There was disappointment for Irish band Villagers last Wednesday as their second album {Awayland} lost out to James Blake’s Overgrown for the 2013 Mercury Music Prize. The Malahide based indie-folk trio, salve who are fronted by former UCD student Conor O’Brien, were facing their second Mercury Prize defeat, having seen their 2010 effort Becoming a Jackal lose out to xx by The xx.

The announcement of Blake came as a slight surprise in the industry, with many large bets being placed to Birmingham native Laura Mvula to win on the night, the odds of her debut album Sing To The Moon being cut from 16/1 to 8/11 by bookmaker William Hill leading up to the ceremony. Villagers had the worst odds at 50/1 with the same bookmaker, Blake also had far out odds at 21/1.

However it is not all bad news for O’Brien, as  {Awayland}, unlike its predecessor, did get to the number one spot in Ireland. In addition to this, this year’s nomination gave Villagers the title of the only Irish act to have been nominated twice for the Mercurty Prize, with U2, Fionn Regan, The Thrills, Gemma Hayes and Lisa Hannigan all nominated once.

However questions have once again been raised over how much credence the Mercury award should receive within the music industry. Irish guitarist Kevin Shields of the band My Bloody Valentine accused the Mercury Prize of “banning” the shoegaze band from their nominations. Speaking to the Guardian in September of this year, Shields noted that mbv, the band’s first album in 22 years, had been unceremoniously ignored by the Mercury selectors because of the band’s decision to bypass corporate organizations such as Apple and Amazon, as well as bypass record labels. Under the terms and conditions of the Mercury website, qualifying albums must have “a digital and physical distribution deal in place in the UK”.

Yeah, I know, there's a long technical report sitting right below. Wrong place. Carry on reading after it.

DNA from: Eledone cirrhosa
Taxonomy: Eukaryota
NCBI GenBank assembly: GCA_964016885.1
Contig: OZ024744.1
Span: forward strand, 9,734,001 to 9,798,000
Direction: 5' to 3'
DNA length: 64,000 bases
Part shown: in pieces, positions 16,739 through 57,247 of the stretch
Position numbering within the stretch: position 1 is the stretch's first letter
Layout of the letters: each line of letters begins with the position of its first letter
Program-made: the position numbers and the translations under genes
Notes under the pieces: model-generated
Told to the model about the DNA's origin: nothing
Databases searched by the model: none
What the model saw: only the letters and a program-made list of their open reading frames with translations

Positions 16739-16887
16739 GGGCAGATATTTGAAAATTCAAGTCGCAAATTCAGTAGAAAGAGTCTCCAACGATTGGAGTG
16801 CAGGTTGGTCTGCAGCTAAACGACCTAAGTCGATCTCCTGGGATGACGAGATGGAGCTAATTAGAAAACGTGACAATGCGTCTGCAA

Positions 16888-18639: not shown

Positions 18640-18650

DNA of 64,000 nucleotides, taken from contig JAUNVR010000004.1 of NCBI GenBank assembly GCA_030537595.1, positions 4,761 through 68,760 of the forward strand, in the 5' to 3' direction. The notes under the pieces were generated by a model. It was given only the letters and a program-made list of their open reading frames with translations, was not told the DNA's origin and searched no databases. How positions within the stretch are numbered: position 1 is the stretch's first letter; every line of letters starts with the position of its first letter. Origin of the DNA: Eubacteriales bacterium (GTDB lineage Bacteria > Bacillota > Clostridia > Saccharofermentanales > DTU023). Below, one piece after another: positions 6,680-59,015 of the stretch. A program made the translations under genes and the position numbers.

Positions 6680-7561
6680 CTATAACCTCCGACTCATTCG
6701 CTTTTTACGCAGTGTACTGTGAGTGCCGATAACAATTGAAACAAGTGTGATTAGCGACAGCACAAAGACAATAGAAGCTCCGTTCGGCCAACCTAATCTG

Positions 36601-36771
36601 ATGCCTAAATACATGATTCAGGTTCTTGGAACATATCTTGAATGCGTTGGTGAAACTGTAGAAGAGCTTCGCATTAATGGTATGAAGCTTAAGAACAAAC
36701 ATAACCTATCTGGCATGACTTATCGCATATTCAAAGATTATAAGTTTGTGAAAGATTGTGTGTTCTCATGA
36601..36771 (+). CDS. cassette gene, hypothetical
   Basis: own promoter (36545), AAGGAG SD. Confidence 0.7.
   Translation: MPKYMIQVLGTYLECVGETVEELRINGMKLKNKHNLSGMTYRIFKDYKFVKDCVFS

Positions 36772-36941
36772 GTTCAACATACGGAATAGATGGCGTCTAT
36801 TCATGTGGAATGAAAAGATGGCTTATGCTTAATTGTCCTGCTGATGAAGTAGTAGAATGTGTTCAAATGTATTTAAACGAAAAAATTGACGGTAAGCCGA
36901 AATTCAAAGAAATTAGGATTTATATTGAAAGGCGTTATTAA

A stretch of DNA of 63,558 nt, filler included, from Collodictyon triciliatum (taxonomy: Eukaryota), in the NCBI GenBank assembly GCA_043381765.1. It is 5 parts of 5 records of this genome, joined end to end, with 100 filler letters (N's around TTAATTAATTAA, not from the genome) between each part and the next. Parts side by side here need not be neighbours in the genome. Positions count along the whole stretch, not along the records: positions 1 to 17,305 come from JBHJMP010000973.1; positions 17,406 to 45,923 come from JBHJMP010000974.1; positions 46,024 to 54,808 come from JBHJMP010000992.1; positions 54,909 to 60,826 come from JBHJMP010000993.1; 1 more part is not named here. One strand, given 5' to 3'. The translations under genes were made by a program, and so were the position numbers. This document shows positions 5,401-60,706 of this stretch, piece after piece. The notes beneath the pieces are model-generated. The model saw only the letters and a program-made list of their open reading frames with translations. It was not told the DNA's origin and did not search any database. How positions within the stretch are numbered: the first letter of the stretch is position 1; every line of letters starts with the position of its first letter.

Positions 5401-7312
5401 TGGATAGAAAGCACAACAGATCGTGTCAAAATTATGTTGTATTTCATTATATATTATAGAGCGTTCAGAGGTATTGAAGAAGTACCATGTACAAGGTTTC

My Bloody Valentine’s album was self-released, leading them to only make digital copies of mbv available through their own website, which they argue discounted them from having a “digital distribution deal”. Shields went on to state that “It’s interesting to learn that to be as independent as we are is … virtually illegal. Our album’s not a real album because it’s independent. The corporate-ness has got to such a point where we’ve essentially been told that we don’t exist. So, technically, that album doesn’t exist. OK? It’s not allowed to exist according to the Mercury prize”.